The Down Side of Early Voting
Many people have voted for candidates who aren't running anymore.
As news that Pete Buttigieg had dropped out of the race for the 2020 Democratic presidential nomination spread, several people on my Twitter feed had the same reaction:
This, naturally, provoked counter-reactions along the lines of this:
Early voting and its variants provides considerable flexibility that doubtless makes it far easier for people to vote. On balance, that’s probably worth the risks introduced. But the cost is non-zero.
And that raises the question: what happens to ballots cast for him? After all, Buttigieg had been polling at 10 percent nationally and 11 percent in Colorado the day before he dropped out, according to FiveThirtyEight.
In short: People who have already turned in ballots for Buttigieg are out of luck. There are no do-overs in Colorado’s election system.
Buttigieg voters who’ve filled out a ballot but haven’t dropped it off yet can drop it in the trash instead, and then head to a Vote Center in their county to vote in person on Monday or Tuesday.
Colorado’s Secretary of State laid it all out on Twitter Sunday evening:
If you turned in a ballot voted for a candidate who is no longer in the race, you cannot vote again. If you haven’t turned in your ballot yet, you can get a new ballot or vote in-person before 7pm on Tuesday.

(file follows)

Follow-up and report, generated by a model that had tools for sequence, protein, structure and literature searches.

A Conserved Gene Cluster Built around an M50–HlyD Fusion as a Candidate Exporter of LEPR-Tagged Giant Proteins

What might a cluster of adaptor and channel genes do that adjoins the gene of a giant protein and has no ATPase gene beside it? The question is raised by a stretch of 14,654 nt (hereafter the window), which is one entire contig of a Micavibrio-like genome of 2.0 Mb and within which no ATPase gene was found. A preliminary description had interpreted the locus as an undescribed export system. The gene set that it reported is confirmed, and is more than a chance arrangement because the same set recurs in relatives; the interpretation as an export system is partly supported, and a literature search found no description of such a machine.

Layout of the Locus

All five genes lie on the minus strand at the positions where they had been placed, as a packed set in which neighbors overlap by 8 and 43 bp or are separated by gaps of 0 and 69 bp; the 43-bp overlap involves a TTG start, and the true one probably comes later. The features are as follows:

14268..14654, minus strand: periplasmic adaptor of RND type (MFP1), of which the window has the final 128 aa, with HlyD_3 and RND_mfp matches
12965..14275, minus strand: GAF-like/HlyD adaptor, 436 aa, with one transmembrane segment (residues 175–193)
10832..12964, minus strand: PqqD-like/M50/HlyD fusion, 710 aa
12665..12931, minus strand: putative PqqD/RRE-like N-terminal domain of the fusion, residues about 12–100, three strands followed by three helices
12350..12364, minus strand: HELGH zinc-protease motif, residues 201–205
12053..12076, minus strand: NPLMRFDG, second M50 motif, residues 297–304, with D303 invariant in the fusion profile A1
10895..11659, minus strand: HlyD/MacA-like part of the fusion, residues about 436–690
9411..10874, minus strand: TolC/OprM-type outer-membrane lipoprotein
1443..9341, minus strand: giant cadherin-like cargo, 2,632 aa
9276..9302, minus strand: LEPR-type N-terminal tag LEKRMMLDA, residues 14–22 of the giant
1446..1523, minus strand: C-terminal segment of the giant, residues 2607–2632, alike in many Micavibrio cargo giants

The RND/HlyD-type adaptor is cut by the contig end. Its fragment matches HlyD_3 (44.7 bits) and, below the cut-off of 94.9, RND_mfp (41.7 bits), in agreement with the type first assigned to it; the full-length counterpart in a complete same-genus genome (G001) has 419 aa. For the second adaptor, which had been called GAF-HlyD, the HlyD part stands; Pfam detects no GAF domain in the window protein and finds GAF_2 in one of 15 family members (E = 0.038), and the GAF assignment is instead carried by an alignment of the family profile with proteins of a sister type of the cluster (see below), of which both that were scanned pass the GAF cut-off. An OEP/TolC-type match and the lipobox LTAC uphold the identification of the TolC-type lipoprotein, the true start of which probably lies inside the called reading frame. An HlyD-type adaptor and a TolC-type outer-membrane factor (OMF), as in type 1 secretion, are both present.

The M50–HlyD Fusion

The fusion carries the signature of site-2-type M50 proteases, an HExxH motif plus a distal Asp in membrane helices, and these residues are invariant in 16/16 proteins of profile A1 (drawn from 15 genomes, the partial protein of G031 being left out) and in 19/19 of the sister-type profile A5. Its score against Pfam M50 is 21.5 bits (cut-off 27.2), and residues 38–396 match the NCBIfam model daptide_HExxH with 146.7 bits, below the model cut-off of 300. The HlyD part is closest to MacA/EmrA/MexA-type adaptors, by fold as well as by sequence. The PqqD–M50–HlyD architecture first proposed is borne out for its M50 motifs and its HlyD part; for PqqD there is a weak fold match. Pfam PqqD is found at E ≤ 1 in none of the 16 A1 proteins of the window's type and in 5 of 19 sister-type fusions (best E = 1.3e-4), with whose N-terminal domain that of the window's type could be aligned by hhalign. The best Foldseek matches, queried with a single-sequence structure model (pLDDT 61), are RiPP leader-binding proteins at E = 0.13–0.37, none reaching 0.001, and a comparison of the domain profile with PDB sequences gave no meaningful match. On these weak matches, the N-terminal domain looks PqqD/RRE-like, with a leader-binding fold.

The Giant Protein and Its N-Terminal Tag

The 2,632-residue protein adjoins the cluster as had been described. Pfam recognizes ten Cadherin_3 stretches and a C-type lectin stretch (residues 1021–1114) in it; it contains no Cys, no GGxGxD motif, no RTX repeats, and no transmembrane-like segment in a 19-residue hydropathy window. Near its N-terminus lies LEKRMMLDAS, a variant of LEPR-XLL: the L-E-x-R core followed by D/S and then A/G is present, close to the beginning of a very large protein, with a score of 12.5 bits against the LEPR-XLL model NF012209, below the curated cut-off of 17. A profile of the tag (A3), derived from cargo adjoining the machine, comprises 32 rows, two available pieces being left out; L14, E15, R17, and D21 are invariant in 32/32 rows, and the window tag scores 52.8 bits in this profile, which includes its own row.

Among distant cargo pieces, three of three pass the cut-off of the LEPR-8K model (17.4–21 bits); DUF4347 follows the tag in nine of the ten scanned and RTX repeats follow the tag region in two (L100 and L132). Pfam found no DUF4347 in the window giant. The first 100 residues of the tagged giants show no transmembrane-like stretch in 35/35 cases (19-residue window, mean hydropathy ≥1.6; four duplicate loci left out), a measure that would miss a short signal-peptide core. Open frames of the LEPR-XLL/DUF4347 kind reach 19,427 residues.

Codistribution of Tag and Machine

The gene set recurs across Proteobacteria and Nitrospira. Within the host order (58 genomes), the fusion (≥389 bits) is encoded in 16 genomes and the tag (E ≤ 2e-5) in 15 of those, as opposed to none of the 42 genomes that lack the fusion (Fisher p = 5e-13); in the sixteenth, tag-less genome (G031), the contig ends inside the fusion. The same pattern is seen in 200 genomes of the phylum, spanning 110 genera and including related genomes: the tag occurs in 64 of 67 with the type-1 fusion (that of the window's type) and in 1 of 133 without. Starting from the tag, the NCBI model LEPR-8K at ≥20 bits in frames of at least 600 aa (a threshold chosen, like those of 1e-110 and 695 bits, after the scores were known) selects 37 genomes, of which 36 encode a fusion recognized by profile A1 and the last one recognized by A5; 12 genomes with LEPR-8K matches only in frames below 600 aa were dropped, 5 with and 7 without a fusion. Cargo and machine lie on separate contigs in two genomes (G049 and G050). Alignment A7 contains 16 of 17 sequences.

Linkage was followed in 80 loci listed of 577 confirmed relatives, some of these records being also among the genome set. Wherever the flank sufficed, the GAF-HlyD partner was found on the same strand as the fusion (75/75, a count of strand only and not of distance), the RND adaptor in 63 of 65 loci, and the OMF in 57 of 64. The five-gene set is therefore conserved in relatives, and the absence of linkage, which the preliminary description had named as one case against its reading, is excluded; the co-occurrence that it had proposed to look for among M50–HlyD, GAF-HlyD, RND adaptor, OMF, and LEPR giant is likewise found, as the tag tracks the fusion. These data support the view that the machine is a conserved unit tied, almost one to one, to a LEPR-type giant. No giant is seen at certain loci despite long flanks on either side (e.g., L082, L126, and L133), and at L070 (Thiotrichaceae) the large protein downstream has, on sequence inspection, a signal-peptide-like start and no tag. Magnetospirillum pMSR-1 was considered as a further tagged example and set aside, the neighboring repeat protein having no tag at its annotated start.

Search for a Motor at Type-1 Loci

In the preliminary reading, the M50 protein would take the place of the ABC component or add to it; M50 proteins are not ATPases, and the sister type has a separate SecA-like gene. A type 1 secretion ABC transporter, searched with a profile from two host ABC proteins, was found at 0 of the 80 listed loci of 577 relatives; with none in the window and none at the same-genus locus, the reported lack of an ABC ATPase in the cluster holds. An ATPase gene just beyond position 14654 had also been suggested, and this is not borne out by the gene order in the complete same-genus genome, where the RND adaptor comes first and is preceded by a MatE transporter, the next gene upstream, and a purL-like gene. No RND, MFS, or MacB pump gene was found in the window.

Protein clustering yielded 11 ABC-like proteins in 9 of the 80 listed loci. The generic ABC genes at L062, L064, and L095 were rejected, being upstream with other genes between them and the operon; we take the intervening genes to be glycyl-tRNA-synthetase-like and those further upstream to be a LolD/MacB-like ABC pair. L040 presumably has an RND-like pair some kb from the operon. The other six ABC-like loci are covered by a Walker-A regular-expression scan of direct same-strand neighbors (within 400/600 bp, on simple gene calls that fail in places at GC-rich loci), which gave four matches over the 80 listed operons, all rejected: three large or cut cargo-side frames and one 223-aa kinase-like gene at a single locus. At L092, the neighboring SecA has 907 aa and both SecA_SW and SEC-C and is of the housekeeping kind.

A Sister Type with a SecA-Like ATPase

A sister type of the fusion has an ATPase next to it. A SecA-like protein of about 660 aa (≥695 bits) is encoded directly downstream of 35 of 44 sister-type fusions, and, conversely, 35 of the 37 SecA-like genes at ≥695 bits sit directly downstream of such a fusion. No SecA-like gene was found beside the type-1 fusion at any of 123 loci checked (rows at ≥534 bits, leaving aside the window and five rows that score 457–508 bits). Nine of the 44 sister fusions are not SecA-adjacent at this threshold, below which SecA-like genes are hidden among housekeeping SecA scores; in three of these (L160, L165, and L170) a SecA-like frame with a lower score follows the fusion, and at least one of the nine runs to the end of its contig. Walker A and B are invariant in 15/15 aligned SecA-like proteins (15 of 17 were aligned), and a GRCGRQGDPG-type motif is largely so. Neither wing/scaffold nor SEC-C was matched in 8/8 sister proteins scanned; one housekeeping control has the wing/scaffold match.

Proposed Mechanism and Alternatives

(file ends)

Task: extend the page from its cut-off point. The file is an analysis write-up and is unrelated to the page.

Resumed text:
Even beyond the vagaries of a highly fluid primary system, there are societal downsides to widespread early voting. Northwestern law profs Eugene Kontorovich and John McGinnis wrote about this back in 2014, when President Obama was working to expand the practice.
For all its conveniences, early voting threatens the basic nature of citizen choice in democratic, republican government. In elections, candidates make competing appeals to the people and provide them with the information necessary to be able to make a choice. Citizens also engage with one another, debating and deliberating about the best options for the country. Especially in an age of so many nonpolitical distractions, it is important to preserve the space of a general election campaign — from the early kickoff rallies to the last debates in October — to allow voters to think through, together, the serious issues that face the nation.
The integrity of that space is broken when some citizens cast their ballots as early as 46 days before the election, as some states allow. A lot can happen in those 46 days. Early voters are, in essence, asked a different set of questions from later ones; they are voting with a different set of facts. They may cast their ballots without the knowledge that comes from later candidate debates (think of the all-important Kennedy-Nixon debates, which ran from late September 1960 until late October); without further media scrutiny of candidates; or without seeing how they respond to unexpected national or international news events — the proverbial “October surprise.” The 2008 election, for example, could have ended differently had many voters cast their ballots before the massive economic crisis that followed the collapse of Lehman Brothers that September. Similarly, candidates often seek to delay the release of embarrassing information, or the implementation of difficult policies, until after votes have been cast. A wave of votes starting months before the election date makes this easier.